has the LGPL licence fell through ?

Aric Cyr Aric.Cyr at gmail.com
Wed Dec 21 01:48:09 CST 2005

Tim Schmidt <timschmidt <at> gmail.com> writes:

> The SpecOps folks have been contacted before, search the archives.  As
> for Transgaming, they use a pre-LGPL fork of the Wine code, parts of
> which they've released under the Aladin Public License, parts under a
> BSD-like license, parts have never been released.

Ya, I suspected that of Transgaming actually, hence the (?).

I just did a search, a read through the thread from Sept.  Thanks for the heads
up.  Didn't know that this is old news.

> I believe it's quite safe to say that out of the three companies,
> Codeweavers is the only one to have mutually agreeable relations with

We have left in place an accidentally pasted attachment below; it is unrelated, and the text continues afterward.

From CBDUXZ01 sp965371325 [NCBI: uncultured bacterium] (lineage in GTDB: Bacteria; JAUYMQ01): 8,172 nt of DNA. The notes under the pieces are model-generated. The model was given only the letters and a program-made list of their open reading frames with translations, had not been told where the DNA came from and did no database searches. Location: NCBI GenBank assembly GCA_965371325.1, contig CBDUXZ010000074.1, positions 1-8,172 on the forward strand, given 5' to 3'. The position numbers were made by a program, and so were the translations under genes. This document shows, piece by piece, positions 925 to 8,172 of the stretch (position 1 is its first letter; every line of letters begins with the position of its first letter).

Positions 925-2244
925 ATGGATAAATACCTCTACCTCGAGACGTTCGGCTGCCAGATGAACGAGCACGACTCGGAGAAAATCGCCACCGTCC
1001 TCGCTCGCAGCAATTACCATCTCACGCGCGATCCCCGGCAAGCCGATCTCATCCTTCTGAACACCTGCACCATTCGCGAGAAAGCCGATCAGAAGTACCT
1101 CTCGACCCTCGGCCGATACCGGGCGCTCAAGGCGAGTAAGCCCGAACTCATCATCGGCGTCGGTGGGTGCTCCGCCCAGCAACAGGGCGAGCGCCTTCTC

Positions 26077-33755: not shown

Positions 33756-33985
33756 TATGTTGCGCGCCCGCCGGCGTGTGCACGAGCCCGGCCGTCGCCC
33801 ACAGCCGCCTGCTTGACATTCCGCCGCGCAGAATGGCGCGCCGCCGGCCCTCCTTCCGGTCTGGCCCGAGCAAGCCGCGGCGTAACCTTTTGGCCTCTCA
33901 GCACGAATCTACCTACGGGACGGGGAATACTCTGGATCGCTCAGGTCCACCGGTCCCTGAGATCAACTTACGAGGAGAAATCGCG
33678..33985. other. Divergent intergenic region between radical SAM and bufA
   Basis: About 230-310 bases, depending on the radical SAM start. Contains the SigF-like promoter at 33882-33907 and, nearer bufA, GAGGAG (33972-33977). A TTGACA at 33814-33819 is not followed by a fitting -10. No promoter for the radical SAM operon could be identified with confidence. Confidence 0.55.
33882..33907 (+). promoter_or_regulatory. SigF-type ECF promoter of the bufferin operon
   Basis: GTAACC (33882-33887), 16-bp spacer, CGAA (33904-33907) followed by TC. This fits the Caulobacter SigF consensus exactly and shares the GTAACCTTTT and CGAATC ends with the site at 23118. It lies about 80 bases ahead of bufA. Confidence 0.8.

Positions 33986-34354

> the wine project.  Skepticism and distrust is not an unfounded
> reaction under such conditions.

Seeing that SpecOps Labs history of ignoring Wine developers extends for more
than a year, then yes I can agree with that.

According to their Partners' page, IBM and Turbolinux and a few others seem to
be footing the bill.  I'm sure a well written email to either of those places
would get a real response, and probably apply due pressure on SpecOps Labs.

Maybe I'll fire off an email to Turbolinux to see what they have to say,
although technically unless I purchase or receive their product I am not
directly entitled to the GPL/LGPL code from them.  Anyone have a copy of
Turbolinux 11 with this David stuff in it?  If there are no users to disseminate
the product (which they are allowed to do, given the inherent LGPL license),
then there is effectively no way to get our hands on the source code.  You can
do whatever you want to GPL/LGPL code, but if you don't give the result to
anyone (binary or otherwise) you do not have an obligation to release those
changes back to the original author (as was mentioned earlier in this thread).


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